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On Newsstands Friday: ESPN The Magazine’s 2017 College Football Preview Issue

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ESPN The Magazine’s College Football Preview Issue—on newsstands Friday—takes a deeper dive into the stories making headlines as a brand-new season approaches. The issue includes thoughtful features with playmakers Sam Darnold, USC’s darling quarterback, and Penn State’s fast and furious running back, Saquon Barkley. Following their teams’ shootout at last year’s Rose Bowl, The Mag highlights two of the best players at the most important positions and the expectations that follow. Additional featured content includes a story on the controversial “pick play,” as well as expert insight from ESPN’s college football analysts and Insiders.

ON THE COVER: “What, Me Worry?” is a profile of how Sam Darnold became the starting quarterback in a time of chaos for USC. The coach who recruited him, Steve Sarkisian, had been fired for a drinking problem. His current coach, Clay Helton, the man who convinced him to come to LA despite the presence of another top QB commit, started 2016 1-3 and was already being called a bust as a new hire. Then came Darnold, who has won his last nine games and become the leading candidate for the Heisman trophy. Both on and off the field, Darnold makes sense of chaos. By Molly Knight

Featured as part of The Béisbol Life, Marly Rivera speaks with Red Sox rookie third baseman Rafael Devers about his MLB idols, big league adjustments and why teammates call him “Carita,” or Baby Face.

Issue highlights and features:

79 Yards Later 

No player can be defined by a single play, but one 79-yard touchdown run in the Rose Bowl against USC comes close to capturing Penn State’s Saquon Barkley. The Mag uses this play to break down all the elements that make Barkley the top running back in college football—quickness, vision, strength and speed—while also diving deeper into how tough it is for a player when everyone reduces him to a single highlight. The piece dissects how this one play represents Barkley’s entire toolbox and how his career is pivoting on that one point. Everything that comes after that play and how he accepts what happens will ultimately determine his success. By Hallie Grossman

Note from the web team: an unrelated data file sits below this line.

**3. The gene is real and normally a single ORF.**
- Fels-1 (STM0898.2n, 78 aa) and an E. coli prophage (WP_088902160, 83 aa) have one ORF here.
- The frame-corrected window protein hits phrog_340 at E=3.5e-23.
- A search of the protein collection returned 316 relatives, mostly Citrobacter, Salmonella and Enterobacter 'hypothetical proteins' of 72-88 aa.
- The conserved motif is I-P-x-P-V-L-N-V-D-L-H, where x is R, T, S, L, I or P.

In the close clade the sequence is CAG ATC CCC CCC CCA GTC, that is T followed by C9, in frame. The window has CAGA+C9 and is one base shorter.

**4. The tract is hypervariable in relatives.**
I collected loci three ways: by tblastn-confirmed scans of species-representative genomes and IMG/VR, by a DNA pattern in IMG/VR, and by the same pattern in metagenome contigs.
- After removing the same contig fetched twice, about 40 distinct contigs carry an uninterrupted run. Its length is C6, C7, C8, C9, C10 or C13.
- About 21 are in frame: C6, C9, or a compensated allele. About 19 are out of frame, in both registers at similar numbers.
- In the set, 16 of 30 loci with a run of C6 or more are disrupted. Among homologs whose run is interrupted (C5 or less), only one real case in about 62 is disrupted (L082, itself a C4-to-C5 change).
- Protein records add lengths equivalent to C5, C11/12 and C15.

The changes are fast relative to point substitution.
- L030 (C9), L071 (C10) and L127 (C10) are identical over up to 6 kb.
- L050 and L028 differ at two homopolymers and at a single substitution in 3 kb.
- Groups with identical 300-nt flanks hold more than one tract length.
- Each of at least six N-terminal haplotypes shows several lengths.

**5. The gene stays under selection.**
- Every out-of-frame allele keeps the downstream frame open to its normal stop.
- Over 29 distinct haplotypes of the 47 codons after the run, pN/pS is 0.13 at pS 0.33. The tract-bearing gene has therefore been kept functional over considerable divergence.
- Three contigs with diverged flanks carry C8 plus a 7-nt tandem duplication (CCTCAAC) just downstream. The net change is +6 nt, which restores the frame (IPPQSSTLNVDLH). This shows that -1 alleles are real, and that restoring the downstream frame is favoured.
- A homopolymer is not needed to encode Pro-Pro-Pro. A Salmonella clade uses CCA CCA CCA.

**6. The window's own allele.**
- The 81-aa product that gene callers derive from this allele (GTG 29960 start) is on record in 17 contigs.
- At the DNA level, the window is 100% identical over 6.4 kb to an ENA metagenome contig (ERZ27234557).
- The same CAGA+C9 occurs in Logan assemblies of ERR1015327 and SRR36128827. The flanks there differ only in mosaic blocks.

Reinventing a Heisman Winner   

Louisville’s Lamar Jackson accounted for 51 touchdowns and 5,114 yards last season and became the youngest player in history to win the Heisman. Now, coming into the 2017 season, the 20-year-old is not only not regarded as the country’s top returning player, he’s not even ranked as the top returning QB. The Mag explores why. By Andrea Adelson 

Top 25 Preview  

With help from ESPN college football analysts and Insiders, we dig deep into the 2017 college football landscape and our top 25 teams. Conference by conference, Brock Huard and Jonathan Vilma offer up their picks for players to watch, Phil Steele breaks down his surprise teams, and FPI tells us the games we cannot miss. Plus, can Clemson repeat? Will Alabama get its revenge? Brad Edwards weighs in with his four-team playoff prediction.

It Ain’t Cheatin’

Now a flashpoint in college football, the pick play, known as a “rub” by players on offense or a “pick” by defenders, is a controversial play in which a receiver, who is not allowed to block a defensive back on a pass play, “incidentally” runs into a defender, leaving a receiver wide open. It’s what Clemson ran with six seconds left on the clock to beat Alabama in last season’s championship and the play the Patriots successfully defended against the Seahawks in the 2015 Super Bowl. The controversy: Unless you get caught, the pick play is the most lethal call in college football. By Ryan McGee 

January in September!

With top-ranked Bama facing No. 2 FSU in Week 1, you won’t have to wait for the championship to see a great matchup. ESPN analysts Rece Davis, Desmond Howard, and Jonathan Vilma break down the defensive showdown.

The Good, The Bad and The Moody

Take a look at the nexus of our own metrics, the Fan Happiness Index and the Football Power Index as they shed light on the college football fan bases and their expectations.

Additional issue highlights and features:

Fantasy Football: Insider Matthew Berry shares his draft day manifesto.

NFL: Bill Barnwell breaks down the 1,696-player NFL pool and builds the best 53-man roster under the league’s $167 million salary cap.

For the Books: An excerpt from Violated: Exposing Rape at Baylor University Amid College Football’s Sexual Assault Crisis, an investigation into how the Baylor scandal unfolded, from ESPN reporters Paula Lavigne and Mark Schlabach.

Numbers: Columnist Peter Keating explores why MLB batters are hitting home runs at the highest rate in league history—higher than the days of Barry Bonds and twice as high as Babe Ruth’s peak years. Keating looks at one explanation: the baseball itself.

It’s Not a Redemption Tour:  Elizabeth Merrill examines the Atlanta Falcons and their upbeat coach, Dan Quinn, as they ready for the season after the most crushing defeat in Super Bowl history.

Food: Michelin-starred chef Ed Brown has been serving up cuisine for U.S. Open denizens for over two decades. With Arthur Ashe Stadium’s 20th anniversary on the horizon, Brown stopped by to talk about the palates of the Flushing faithful, Jimmy Connors and world-class salmon.

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